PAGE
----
I can remember interacting with Google when it was just Larry and Sergey and Craig, which is pretty far back to 1998. But it wasn't too long after that when Cindy arrived.
Now, as SiliconBeat rightly points out, she's the highest ranking Google exec to depart following the IPO. Good news for Cindy -- and good luck to her. As for Google, the marketing and PR team has an all new challenge -- how to spin that losing a top exec isn't a bad thing for Google.
You never could compete with Lloyd Braun!
Yahoo! has named former ABC executive Lloyd Braun as it's entertainment and media director. Seinfeld fans out there may remember Lloyd Braun as George Costanza's nemesis from his childhood days.
In actuality, Lloyd Braun is a real person that knew both Larry David and Jerry Seinfeld from their early days as stand-up comedians. The character from Seinfeld was based (loosely) on the real life Lloyd Braun.
Let's hope Lloyd does better at Yahoo! than he did selling computers in Frank Costanza's garage.
You're not giving away our waterpick!
Google Suggest Dissected
This blogger took the time dissect and rewrite the new Google Suggest tool for web developers to use. Kudos to him!
Also, it was discussed last week that Google would soon start indexing flash files and parsing the text... it's now official. The search world's progression into multimedia continues. For more evidence, check out Yahoo's video search tool.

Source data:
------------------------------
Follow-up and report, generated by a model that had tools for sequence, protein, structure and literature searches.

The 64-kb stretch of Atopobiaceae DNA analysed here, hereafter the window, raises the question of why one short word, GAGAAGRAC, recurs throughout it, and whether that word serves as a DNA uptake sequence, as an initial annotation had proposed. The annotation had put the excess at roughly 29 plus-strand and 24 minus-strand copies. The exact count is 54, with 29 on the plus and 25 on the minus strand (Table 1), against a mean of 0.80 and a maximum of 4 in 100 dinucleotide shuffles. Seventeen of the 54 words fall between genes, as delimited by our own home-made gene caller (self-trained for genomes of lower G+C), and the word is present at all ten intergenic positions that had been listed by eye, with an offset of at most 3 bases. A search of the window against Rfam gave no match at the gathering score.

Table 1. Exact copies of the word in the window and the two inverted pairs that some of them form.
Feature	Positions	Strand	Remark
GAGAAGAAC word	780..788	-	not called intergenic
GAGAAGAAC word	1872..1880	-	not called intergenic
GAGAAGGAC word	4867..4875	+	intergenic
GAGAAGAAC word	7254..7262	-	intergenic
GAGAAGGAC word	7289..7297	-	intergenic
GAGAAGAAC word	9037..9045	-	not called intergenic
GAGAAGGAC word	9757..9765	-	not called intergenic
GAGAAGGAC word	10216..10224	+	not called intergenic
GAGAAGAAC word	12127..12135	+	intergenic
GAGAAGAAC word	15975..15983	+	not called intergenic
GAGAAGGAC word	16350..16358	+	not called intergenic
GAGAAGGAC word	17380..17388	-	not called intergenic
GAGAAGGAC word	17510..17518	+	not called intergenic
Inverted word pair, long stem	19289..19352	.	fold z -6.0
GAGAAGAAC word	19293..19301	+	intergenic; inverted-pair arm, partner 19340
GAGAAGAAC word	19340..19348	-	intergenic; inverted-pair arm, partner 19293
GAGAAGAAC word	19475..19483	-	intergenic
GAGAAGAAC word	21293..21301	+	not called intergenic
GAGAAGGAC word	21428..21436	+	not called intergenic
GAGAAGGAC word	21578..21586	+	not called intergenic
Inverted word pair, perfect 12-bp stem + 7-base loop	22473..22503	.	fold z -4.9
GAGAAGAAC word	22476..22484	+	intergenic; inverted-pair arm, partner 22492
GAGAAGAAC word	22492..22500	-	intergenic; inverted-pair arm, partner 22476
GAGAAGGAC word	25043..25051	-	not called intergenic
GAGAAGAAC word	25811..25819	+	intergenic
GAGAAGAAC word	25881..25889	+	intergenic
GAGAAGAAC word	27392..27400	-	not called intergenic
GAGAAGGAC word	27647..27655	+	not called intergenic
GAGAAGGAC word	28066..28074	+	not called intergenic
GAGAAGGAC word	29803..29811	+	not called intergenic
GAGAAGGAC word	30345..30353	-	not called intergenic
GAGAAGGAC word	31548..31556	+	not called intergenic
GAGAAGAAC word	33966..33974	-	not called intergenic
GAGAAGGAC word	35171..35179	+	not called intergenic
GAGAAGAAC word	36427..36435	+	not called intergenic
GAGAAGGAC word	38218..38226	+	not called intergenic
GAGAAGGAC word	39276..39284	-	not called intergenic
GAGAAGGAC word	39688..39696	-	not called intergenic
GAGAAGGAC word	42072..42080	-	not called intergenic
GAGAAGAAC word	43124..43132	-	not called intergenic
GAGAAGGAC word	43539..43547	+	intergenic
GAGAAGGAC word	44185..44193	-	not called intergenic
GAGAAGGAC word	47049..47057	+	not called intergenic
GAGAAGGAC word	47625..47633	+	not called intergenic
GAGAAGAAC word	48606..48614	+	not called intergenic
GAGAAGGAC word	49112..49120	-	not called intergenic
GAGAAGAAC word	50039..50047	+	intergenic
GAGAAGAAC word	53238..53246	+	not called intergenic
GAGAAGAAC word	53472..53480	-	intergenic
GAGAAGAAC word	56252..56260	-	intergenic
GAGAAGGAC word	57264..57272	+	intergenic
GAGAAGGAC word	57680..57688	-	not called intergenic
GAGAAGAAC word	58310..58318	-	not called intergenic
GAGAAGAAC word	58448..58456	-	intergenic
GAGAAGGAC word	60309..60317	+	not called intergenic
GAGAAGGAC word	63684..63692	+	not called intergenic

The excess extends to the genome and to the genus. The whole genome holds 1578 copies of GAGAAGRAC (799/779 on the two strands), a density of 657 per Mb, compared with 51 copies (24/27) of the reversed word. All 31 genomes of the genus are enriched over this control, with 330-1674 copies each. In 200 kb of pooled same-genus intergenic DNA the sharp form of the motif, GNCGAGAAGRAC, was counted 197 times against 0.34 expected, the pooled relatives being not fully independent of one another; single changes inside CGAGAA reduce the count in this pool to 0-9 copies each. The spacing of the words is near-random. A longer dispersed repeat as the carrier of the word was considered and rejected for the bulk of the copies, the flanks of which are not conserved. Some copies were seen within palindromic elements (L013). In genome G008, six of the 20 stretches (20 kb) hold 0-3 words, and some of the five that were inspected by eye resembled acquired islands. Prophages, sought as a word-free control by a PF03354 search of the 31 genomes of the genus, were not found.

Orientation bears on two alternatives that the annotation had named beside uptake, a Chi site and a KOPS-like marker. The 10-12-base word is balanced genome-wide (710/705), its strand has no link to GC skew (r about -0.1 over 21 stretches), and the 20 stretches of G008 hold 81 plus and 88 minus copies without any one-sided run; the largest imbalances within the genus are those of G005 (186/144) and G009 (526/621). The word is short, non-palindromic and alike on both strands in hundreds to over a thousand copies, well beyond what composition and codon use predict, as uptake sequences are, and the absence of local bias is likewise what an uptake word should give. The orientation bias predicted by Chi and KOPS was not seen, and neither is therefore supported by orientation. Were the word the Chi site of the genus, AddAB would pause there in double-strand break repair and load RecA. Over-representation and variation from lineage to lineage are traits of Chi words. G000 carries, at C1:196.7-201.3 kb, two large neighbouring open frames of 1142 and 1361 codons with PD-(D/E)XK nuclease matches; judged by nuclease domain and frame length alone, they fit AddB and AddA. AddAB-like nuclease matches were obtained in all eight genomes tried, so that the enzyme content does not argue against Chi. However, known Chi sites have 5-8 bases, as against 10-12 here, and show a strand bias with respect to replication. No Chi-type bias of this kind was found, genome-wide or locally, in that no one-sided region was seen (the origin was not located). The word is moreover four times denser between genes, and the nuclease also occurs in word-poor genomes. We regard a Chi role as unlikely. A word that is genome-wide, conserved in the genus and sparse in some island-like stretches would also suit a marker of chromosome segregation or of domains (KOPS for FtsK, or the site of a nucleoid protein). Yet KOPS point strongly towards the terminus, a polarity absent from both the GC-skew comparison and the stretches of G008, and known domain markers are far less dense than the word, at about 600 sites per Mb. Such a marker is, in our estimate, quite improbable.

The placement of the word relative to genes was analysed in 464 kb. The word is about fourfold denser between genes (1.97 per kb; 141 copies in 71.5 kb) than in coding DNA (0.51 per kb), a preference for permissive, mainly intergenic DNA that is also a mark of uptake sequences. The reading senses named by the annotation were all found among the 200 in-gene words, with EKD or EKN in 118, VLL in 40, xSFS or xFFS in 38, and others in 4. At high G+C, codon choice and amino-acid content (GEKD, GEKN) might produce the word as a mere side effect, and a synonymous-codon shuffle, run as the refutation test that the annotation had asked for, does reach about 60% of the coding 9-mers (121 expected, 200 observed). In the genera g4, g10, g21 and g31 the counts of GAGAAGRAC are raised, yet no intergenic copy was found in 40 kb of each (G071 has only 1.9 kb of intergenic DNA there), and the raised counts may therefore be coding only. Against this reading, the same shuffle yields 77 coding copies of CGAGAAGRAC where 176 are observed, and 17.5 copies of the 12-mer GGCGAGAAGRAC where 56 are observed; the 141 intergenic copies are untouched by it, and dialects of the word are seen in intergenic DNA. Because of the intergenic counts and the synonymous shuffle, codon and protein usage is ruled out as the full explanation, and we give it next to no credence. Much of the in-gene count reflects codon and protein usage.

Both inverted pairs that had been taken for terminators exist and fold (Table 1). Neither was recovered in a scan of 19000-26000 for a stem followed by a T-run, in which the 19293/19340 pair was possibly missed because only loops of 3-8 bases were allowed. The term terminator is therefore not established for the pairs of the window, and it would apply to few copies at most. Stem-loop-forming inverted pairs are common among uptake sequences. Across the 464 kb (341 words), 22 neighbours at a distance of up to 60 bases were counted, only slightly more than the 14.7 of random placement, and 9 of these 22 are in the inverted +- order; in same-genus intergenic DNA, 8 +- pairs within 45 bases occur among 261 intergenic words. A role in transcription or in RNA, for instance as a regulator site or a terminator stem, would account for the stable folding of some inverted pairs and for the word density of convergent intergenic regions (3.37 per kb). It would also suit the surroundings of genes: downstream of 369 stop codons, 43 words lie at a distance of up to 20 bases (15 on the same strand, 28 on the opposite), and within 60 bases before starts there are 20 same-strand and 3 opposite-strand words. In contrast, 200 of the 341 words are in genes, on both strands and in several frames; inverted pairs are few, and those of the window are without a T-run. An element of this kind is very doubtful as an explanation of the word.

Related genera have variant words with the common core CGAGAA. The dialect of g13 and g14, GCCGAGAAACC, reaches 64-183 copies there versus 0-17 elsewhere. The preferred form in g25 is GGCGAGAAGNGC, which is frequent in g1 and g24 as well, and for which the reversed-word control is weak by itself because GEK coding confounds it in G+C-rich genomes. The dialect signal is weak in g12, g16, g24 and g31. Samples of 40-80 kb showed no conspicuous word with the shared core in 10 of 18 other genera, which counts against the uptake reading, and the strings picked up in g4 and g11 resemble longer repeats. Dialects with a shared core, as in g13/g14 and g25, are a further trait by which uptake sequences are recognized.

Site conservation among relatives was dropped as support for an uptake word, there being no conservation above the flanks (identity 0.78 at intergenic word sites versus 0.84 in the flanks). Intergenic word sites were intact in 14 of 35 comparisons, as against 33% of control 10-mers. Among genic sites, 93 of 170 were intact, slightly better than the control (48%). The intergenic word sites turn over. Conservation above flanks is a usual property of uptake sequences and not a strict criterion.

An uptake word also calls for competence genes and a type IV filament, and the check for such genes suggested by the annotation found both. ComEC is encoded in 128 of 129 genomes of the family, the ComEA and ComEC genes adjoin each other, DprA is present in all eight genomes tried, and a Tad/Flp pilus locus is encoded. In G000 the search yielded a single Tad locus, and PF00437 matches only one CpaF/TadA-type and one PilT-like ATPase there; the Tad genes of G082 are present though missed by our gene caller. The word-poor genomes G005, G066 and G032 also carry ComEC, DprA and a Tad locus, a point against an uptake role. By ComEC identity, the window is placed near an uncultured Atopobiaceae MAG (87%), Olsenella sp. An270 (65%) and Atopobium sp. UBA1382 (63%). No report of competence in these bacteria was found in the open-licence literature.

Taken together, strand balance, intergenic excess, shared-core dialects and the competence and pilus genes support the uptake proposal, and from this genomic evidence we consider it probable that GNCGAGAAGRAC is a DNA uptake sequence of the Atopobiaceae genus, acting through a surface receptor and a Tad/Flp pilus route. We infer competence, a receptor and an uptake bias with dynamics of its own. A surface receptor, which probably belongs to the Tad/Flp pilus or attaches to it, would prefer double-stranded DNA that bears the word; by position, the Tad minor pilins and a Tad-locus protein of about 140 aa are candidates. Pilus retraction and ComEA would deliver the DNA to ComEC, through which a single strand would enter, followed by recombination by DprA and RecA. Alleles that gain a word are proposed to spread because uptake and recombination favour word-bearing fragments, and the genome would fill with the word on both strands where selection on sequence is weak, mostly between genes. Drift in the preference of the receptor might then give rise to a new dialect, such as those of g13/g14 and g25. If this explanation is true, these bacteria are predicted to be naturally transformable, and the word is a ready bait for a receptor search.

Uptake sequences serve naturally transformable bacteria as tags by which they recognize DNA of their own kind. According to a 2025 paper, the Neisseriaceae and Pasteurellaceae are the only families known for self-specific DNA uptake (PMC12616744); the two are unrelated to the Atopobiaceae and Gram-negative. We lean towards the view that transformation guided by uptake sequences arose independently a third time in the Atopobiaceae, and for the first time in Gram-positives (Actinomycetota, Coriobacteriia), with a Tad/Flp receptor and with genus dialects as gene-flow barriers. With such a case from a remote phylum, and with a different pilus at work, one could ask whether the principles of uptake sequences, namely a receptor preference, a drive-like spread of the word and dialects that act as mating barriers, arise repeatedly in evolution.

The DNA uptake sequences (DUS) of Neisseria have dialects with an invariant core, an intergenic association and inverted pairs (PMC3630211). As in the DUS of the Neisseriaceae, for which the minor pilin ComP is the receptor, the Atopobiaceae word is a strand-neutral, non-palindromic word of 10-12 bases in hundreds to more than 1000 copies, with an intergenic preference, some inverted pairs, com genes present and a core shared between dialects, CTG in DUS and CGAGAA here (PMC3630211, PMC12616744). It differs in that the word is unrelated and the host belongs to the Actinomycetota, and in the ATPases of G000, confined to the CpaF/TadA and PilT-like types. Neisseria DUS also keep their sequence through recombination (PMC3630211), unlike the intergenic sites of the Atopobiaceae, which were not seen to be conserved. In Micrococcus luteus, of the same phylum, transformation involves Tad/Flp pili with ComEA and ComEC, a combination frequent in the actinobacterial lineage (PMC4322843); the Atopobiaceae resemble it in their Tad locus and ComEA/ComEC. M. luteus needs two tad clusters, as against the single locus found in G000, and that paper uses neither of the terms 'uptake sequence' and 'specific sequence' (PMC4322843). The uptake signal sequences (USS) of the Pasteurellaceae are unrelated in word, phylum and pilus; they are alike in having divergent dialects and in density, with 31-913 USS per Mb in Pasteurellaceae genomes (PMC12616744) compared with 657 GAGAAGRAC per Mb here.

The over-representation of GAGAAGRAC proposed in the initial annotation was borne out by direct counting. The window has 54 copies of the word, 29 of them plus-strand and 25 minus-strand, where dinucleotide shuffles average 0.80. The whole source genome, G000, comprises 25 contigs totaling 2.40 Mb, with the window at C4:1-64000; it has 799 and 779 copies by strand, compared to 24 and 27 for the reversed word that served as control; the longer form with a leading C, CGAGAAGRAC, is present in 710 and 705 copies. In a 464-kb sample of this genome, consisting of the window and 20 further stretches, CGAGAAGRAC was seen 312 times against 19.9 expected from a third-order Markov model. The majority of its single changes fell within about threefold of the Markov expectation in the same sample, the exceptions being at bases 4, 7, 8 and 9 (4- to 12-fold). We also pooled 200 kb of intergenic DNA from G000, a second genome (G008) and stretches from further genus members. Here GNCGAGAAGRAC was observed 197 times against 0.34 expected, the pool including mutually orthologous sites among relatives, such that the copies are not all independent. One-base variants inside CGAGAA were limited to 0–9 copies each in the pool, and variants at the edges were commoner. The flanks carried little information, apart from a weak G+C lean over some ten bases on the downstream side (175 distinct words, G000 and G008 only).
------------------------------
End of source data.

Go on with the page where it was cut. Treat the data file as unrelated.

Security Hole in Google Desktop
This NY Times article explains the security hole and the steps Google has taken to correct it. Desktop search was a big keyword at SES Chicago last week with all major search companies seemingly ready to compete with Google.
Jeeves, What Are The Top Searches of 2004?
AskJeeves has released the top searches for 2004. Check out the complete results, or if you're lazy, here is the top search for each category.
- 2004 Top News search: Iraq
- 2004 Top Celebrity search: Usher
- 2004 Top Movie search: Lord of the Rings: Return of the King
- 2004 Top Picture search: Britney Spears
- 2004 Top Destination search: Hawaii
- 2004 Most Popular Thing to do on the Internet: Look up music lyrics
It'll be interesting to see Google's results when they release them next year.